Baseball season is here and that means friend of the shop, Charlie Blackmon, is back in town. It had been 3 months since ole Chuck Nazty caught a trout and like any self-respecting fly fisherman, he was chomping at the bit to get out on the water. With winds forecasted throughout our great state, we decided to stick close to town and try and avoid some of those damn winds and fish Deckers. Enjoy some pictures from Blackmon's Opening Day on Deckers.
A couple drifts in and Chuck was off the schneid. The three month slump broken.
South Platte providing a stunner of a brown.
It wasn't long before the RS-2 produced another one.
Blackmon with the scoop.
Plenty of fight left in this South Platte brown.
Another South Platte brown showing off his spring colors.
Cream Midge did the trick for another South Platte resident.
Chuck putting his new gear to the test. A bit of an upgrade from his two-year-old intro setup.
I think very highly of my ability to get snacks on a fishing trip...my physique reflects that. But, I was out-snacked by Blackmon...he showed up with two grocery bags worth of snacks and he didn't step foot in a grocery store. Charlie Blackmon, professional snack guy.
Charlie Blackmon, also big-time vest proponent. He likes convenience...and room for all sorts of snacks and activities.
And another one.
Those dry flies wanted to get used, so we headed back to the truck to switch spots.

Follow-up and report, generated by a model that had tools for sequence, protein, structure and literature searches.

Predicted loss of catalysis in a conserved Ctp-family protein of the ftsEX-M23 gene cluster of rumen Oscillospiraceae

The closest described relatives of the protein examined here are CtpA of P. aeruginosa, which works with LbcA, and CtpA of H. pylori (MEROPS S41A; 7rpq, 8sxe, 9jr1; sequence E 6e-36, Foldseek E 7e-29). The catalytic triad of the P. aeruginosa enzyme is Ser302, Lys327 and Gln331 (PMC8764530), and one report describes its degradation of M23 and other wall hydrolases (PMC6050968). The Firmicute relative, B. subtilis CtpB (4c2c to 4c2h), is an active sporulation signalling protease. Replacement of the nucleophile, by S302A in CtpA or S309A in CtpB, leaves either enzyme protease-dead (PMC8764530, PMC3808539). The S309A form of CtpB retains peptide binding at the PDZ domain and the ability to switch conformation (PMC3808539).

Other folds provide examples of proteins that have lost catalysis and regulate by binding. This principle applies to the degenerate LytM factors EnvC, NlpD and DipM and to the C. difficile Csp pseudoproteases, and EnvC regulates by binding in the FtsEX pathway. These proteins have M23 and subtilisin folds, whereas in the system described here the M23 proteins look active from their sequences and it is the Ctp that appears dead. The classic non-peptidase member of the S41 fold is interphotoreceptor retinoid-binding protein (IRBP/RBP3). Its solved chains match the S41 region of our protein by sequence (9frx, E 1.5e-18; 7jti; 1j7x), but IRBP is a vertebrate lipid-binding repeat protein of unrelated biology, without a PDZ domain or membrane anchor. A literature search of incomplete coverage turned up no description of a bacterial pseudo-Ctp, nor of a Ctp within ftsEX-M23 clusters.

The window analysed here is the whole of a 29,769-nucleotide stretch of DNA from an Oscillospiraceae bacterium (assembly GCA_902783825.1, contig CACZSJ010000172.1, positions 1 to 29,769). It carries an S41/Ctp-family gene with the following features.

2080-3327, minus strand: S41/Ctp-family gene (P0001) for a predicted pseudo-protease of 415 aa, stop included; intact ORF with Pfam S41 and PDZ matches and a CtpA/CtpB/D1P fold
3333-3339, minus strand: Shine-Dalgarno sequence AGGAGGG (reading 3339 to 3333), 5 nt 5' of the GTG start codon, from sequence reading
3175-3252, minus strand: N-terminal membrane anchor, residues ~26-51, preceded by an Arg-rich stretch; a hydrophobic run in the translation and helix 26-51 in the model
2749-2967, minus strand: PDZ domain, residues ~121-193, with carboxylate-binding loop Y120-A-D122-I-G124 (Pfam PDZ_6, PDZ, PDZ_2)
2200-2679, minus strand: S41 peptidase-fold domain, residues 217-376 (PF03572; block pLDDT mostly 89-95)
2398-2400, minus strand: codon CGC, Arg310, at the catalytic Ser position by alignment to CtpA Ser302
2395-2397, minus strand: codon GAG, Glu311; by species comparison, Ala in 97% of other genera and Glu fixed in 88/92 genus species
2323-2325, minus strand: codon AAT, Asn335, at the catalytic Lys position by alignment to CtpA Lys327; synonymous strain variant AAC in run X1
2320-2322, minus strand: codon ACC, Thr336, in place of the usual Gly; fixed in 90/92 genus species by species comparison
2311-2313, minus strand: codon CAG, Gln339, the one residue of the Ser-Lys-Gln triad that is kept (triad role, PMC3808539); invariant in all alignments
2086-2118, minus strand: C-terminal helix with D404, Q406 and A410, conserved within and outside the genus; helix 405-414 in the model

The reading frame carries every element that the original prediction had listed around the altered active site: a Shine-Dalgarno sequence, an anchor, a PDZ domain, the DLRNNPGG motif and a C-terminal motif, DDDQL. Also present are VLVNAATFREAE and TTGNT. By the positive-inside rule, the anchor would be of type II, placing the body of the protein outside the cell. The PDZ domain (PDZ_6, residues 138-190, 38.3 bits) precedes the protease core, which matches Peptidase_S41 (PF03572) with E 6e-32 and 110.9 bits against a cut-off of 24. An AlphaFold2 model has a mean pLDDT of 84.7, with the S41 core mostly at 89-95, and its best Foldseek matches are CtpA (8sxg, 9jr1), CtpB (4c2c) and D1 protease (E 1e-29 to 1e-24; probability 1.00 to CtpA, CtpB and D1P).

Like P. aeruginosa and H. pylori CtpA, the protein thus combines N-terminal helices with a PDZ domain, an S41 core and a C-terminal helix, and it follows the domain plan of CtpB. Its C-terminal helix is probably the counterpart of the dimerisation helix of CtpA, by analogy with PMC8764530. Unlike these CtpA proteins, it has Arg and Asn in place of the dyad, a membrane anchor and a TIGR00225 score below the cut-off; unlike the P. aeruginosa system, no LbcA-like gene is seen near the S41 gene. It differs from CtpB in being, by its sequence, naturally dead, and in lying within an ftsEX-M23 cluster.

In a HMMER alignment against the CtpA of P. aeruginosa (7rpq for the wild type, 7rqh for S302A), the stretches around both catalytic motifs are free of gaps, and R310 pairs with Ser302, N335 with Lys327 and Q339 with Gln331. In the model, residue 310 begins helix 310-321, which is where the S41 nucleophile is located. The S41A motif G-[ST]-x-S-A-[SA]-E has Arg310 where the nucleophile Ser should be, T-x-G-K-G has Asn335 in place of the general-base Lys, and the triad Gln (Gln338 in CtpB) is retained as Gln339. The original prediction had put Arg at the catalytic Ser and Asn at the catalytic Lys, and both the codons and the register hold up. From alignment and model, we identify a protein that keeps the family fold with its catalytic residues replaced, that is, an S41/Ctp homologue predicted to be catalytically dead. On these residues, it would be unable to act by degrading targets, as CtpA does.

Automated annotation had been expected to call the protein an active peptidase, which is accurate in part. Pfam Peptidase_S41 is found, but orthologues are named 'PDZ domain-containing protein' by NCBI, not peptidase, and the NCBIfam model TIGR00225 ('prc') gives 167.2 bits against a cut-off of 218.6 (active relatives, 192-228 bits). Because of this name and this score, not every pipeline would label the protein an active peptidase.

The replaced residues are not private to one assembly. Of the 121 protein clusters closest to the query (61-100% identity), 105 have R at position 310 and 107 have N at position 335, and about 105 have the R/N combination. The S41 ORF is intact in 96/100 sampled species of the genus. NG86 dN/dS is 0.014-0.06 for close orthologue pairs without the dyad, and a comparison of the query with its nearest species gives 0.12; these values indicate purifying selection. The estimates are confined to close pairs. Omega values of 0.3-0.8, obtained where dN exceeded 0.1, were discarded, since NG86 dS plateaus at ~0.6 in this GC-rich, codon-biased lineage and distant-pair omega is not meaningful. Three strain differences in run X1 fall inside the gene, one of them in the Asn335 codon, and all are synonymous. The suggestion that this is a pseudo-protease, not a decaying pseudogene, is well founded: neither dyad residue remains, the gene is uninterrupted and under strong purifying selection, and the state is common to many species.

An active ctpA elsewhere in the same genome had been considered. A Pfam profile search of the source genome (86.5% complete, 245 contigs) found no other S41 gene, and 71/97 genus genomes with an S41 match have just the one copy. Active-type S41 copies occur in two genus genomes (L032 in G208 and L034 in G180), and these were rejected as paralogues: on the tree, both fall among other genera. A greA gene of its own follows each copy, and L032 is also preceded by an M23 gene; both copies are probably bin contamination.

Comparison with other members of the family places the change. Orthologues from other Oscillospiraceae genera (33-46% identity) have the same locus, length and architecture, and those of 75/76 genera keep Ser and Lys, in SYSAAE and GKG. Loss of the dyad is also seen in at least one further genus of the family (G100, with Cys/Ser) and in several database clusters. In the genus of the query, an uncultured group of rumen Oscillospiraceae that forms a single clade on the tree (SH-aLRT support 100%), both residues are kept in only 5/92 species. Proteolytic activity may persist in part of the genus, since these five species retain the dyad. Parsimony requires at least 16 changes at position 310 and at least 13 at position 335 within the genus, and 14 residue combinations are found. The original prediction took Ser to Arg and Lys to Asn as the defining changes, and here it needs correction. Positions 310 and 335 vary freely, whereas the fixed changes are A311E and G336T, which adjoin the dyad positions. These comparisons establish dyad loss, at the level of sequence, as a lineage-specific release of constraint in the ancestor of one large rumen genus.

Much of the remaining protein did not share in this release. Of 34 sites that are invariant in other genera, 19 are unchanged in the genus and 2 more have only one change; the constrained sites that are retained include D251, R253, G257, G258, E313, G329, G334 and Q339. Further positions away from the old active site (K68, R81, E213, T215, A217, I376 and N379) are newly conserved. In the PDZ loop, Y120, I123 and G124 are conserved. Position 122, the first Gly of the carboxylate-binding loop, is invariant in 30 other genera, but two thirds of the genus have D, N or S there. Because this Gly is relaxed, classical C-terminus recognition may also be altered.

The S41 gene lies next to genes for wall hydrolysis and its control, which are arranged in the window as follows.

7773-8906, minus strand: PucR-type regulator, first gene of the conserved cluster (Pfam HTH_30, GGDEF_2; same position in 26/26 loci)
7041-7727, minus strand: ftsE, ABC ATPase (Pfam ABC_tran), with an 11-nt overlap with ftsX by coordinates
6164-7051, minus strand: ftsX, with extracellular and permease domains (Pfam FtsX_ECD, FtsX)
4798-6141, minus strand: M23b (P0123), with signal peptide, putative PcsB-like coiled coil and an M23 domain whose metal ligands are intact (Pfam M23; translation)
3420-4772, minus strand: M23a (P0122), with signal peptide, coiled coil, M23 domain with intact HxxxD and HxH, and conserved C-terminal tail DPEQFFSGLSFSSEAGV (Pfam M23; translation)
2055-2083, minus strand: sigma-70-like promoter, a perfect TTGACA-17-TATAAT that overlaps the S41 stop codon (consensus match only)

We arrived to a handful of rising fish. We took a seat on the bank and started to change our rigs over to dry flies. This baby muley decided it would join.
Then, Momma Deer joined the party and wanted to check the flows.
And the whole damn Rock Pile showed up.
Can deer raise hackles? Who out there is a deer scientist? Is this deer angry? There's no way THE GREAT BAMBI is angry.
Unfortunately for us, there weren't a ton of rising fish to be found that afternoon. There were a couple and they were picky.
Blackmon shoots another laser.
As the sun continued to fade, so did our dry fly opportunities. (Sad face emoticon)
Earlier, when we switched from nymphs to dry flies, Chuck wasn't looking forward to re-rigging his nymphing set-up. So, he hung his intact three nymph rig on what he called Chuck's Pine Tree. One blood knot and he was fishing again.
Damn you Chuck's Pine Tree... time-saving tricks like that meant Chuck spent more time with his line in the water....which meant more fish like this.